The Philippines has registered the fastest-growing HIV/AIDS epidemic in Asia-Pacific
By Beh Lih Yi
KUALA LUMPUR, Feb 2 (Thomson Reuters Foundation) - Inspired by the mobile game Pokemon Go, campaigners in the Philippines are using a smartphone app to send users to locations with condom dispensers in a bid to promote safe sex and break stigma to fight a worsening HIV epidemic.
The Philippines has registered the fastest-growing HIV/AIDS epidemic in Asia-Pacific, according to the United Nations, with a 140-percent jump in new infections over six years from 2010 and young gay men and transgender women most at-risk.
To tackle low condom use, activists have teamed up with restaurants and shops to set up dispensers with free condoms in the capital Manila which users can locate through an app.
Led by Save the Children and campaign group LoveYourself, which promotes HIV awareness, the Safe Spaces project has set up 30 dispensers in Manila so far and aims to expand to 150 locations across the country this year.
"It's like Pokemon Go when you run out of Poke Balls, you need to refill at a nearby station. At Safe Spaces, you can see the nearest stations where you can access free condoms," LoveYourself founder Ronivin Pagtakhan said.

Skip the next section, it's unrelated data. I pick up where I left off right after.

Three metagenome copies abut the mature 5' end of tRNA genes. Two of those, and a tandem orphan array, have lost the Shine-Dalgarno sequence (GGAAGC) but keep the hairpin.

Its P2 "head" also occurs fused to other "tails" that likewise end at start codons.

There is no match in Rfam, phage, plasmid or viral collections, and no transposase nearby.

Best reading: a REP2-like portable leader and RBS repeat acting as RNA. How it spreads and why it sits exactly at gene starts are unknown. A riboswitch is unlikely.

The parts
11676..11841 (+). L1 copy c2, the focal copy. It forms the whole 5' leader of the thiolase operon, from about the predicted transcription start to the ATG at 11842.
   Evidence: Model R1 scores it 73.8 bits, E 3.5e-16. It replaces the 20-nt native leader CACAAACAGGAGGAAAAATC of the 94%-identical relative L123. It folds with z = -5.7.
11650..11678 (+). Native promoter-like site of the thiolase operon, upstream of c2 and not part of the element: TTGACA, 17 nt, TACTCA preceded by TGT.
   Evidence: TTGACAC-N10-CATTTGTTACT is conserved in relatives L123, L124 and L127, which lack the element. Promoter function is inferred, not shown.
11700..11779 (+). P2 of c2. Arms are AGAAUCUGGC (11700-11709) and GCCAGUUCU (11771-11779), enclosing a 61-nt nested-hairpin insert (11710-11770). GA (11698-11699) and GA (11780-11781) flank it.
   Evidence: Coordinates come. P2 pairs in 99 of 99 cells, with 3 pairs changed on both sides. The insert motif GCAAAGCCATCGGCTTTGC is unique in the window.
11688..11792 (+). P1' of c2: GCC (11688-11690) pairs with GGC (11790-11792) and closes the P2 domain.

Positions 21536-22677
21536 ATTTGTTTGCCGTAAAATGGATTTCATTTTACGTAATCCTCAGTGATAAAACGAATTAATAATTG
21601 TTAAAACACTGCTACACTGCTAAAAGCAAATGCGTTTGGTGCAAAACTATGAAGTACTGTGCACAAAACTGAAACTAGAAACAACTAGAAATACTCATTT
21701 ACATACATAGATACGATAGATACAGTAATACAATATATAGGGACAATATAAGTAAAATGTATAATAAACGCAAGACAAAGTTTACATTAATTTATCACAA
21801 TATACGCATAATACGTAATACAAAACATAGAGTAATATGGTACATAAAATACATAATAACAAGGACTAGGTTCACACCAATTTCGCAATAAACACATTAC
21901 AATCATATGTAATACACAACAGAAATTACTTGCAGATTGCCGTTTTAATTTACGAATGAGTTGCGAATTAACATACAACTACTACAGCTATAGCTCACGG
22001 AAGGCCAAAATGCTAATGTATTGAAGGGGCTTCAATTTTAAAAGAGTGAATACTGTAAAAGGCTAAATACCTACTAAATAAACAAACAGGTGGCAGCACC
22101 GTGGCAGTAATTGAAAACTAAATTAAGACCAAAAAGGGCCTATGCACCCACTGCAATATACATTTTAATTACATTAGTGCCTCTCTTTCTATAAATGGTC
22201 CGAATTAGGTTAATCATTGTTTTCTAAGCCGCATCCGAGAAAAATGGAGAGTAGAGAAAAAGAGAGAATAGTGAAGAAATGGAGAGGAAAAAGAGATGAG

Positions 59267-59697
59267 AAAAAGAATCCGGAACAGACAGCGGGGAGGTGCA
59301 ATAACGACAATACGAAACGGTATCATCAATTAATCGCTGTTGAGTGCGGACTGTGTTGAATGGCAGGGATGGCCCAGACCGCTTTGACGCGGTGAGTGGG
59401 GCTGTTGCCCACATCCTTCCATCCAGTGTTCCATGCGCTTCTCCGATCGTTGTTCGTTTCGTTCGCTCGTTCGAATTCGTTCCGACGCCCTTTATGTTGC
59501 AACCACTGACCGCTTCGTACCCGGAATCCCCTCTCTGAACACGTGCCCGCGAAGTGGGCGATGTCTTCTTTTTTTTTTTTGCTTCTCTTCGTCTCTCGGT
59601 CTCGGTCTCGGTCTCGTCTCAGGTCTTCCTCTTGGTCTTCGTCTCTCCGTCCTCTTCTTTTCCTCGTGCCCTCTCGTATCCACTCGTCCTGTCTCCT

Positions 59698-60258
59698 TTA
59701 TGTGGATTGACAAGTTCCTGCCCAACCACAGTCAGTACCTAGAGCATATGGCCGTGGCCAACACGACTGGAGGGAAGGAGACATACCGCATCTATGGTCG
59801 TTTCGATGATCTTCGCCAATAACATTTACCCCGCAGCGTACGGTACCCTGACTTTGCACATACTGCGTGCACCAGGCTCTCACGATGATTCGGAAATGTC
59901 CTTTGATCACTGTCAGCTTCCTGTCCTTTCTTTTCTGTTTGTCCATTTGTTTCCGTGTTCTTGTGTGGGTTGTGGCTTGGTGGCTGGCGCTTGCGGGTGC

"This is an innovation, it has never been done before. Now people can access condoms safely and without stigma," he told the Thomson Reuters Foundation by phone from Manila.
The Philippines in recent years has seen rising incidence of human immunodeficiency virus (HIV), which can leads to AIDS, although the rate has fallen in other parts of the world.
Most cases were transmitted through sexual contact and two out of three new HIV infections were among 15 to 24-year-old men, according to Philippine officials.
Philippines researcher Carlos Conde from Human Rights Watch - which is not involved in the project - said advocating condom use and sex education are keys to fight HIV but the Philippine government has "failed miserably" to do so in the mainly Catholic nation.
"The main hurdle has been the lack of political will to resist the deeply rooted opposition to these measures," he said in a statement on Friday.
In another attempt to fight the epidemic, a group of HIV-negative gay men and transgender women started to take anti-HIV drugs last year under a two-year pilot project.
The daily pill, known as PrEP, is designed to protect the body pre-exposure, rather than after HIV spreads. (Reporting by Beh Lih Yi @behlihyi, Editing by Belinda Goldsmith; Please credit the Thomson Reuters Foundation, the charitable arm of Thomson Reuters, that covers humanitarian news, women's rights, trafficking, property rights, climate change and resilience. Visit http://news.trust.org)
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